Rhode Island's first female in the job and the lead prosecutor behind the Cianci conviction leaves office today
August 26, 2003
The Providence Journal
Tom Mooney - Journal Staff Writer
Four years ago when U.S. Attorney Margaret E. Curran shared her diagnosis of multiple sclerosis with her staff, she told them "that if I felt in any way for a second that it affected my ability to do the job, I would step down."
At the time, Curran said, "I have no reason to think it will."
But yesterday, Curran, who is 50 and Rhode Island's first female U.S. Attorney, announced she was resigning as of today.
Her two-page announcement noted her illness in the first paragraph. Multiple sclerosis is a chronic disease of the central nervous system which in the last few years has hampered Curran's movement and eyesight.
U.S. Atty. Gen. John Ashcroft is expected to name an interim replacement for Curran by day's end today, according to Thomas Connell, Curran's spokesman.
Connell said he couldn't speculate whether the replacement would be Bradford Gorham, chairman of the state Republican Party, whom U.S. Sen. Lincoln D. Chafee nominated for the post last February. (The U.S. Senate must approve the nomination before President Bush can appoint him.)
Gorham was out of town until Monday and unavailable for comment, a secretary in his Scituate law office said yesterday.
U.S. Sen. Jack Reed, who recommended Curran to lead the federal prosecutors' office, yesterday commended Curran "on five years of extraordinary service" as the U.S. Attorney for Rhode Island. "She has performed her duties with superb ability, professionalism, and competence."
"I am pleased to have recommended such a capable candidate who has exceeded with her excellent work, commitment and high standards. Her presence will certainly be missed in the U.S. Attorney's office and I wish her and her family all the best."
Curran has served as Rhode Island's chief federal prosecutor since May 1998 after Sheldon Whitehouse resigned from the post. President Clinton later appointed her full-time.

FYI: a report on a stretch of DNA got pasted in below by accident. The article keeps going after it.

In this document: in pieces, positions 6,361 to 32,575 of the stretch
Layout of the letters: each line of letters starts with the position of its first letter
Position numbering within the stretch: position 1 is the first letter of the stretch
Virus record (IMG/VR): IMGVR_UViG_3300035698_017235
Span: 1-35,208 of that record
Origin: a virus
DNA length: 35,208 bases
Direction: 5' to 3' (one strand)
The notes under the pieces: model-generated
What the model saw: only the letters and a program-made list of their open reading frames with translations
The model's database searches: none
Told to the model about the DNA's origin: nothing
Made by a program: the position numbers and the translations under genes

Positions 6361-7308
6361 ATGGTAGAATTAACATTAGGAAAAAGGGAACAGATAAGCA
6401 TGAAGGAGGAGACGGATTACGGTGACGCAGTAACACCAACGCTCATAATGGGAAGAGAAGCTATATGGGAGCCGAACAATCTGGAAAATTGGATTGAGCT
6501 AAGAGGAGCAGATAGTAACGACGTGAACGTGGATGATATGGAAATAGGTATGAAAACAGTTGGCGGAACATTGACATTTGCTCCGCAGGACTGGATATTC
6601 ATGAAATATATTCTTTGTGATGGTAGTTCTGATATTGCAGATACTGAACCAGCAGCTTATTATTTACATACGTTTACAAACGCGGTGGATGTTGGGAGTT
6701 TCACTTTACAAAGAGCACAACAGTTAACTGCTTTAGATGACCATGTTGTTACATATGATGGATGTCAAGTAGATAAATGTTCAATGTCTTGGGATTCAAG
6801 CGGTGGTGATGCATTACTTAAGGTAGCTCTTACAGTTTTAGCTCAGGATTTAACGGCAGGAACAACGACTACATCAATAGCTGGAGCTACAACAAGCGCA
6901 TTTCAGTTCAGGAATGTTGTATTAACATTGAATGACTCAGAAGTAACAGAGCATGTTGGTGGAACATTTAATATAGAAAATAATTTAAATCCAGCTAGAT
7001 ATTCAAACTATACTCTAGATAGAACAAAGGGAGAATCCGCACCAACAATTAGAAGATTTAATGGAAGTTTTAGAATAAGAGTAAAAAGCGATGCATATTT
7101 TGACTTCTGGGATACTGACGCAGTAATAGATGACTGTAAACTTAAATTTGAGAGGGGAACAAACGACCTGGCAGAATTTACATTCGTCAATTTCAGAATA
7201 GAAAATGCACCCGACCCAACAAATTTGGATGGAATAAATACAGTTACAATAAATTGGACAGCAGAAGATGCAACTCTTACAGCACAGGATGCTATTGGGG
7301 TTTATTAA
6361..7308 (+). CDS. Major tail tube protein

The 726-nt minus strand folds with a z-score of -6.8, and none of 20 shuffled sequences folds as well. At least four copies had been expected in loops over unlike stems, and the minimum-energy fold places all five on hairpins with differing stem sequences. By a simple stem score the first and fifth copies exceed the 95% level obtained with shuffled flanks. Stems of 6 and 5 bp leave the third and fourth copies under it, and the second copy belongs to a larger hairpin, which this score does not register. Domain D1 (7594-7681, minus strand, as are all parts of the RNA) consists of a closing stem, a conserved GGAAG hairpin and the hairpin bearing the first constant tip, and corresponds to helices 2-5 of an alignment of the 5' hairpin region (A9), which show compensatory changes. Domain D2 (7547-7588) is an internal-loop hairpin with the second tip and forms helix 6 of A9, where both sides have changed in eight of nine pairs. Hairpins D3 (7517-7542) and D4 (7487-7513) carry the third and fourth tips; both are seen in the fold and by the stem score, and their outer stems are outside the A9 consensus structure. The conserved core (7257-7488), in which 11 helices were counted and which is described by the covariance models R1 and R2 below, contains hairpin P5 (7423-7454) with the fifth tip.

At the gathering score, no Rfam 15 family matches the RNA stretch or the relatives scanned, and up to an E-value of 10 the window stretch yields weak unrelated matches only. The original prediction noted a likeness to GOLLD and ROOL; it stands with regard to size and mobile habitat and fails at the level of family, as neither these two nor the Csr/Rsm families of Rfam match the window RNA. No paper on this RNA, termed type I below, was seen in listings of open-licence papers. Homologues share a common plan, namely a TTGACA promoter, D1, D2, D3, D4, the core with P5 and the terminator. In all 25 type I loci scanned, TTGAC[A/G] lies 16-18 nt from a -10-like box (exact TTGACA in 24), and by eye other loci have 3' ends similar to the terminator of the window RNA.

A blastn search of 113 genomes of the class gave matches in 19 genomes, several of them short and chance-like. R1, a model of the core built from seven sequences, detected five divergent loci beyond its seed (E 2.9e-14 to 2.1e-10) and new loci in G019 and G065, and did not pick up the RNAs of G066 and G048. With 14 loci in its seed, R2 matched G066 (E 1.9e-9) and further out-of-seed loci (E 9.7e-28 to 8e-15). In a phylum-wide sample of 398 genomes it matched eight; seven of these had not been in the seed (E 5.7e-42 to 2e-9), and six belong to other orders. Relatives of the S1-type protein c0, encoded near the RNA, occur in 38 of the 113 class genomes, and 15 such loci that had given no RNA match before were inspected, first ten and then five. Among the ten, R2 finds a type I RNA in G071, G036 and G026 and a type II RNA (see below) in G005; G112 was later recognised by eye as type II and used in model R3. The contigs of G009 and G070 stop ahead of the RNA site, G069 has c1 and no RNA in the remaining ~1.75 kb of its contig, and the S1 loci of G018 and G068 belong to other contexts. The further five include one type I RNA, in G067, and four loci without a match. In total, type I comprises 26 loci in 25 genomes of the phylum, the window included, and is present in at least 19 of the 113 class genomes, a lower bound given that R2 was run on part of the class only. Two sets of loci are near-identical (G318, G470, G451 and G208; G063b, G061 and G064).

After President Bush was elected, Chafee recommended to the White House that Curran remain in office. Curran has served longer under the Republican administration of President Bush than under Clinton, a Democrat.
Her tenure was highlighted by the successful corruption probe of former Providence Mayor Vincent A. Cianci Jr. and several City Hall officials.
Curran worked in private practice before joining the Rhode Island U.S. Attorney's office in 1986, then under the direction of Lincoln Almond. When Almond become governor, he nominated Curran to the state Supreme Court but the Democratic House of Representatives rejected her nomination.
In April 1999, almost a year after becoming U.S. Attorney, Curran remained in awe of the gravity of her job.
Her office's investigation into corruption at Providence City Hall had just become public. Curran told The Journal: ". . . As prosecutors, we really are in a very special position. We have so much power to affect other people's lives, and it's so important to keep that in mind all the time."
Curran publicly revealed her illness that day, too.
"I have to tell you I was not happy to hear this," she said of her diagnosis.
"But I think that part of my world view has always been that for me, I
never felt in control of what was going to happen, and what's in the future
is always unknown." Good things happen, bad things happen, and "that's
just the way the world works."
Copyright © 2003, The Providence Journal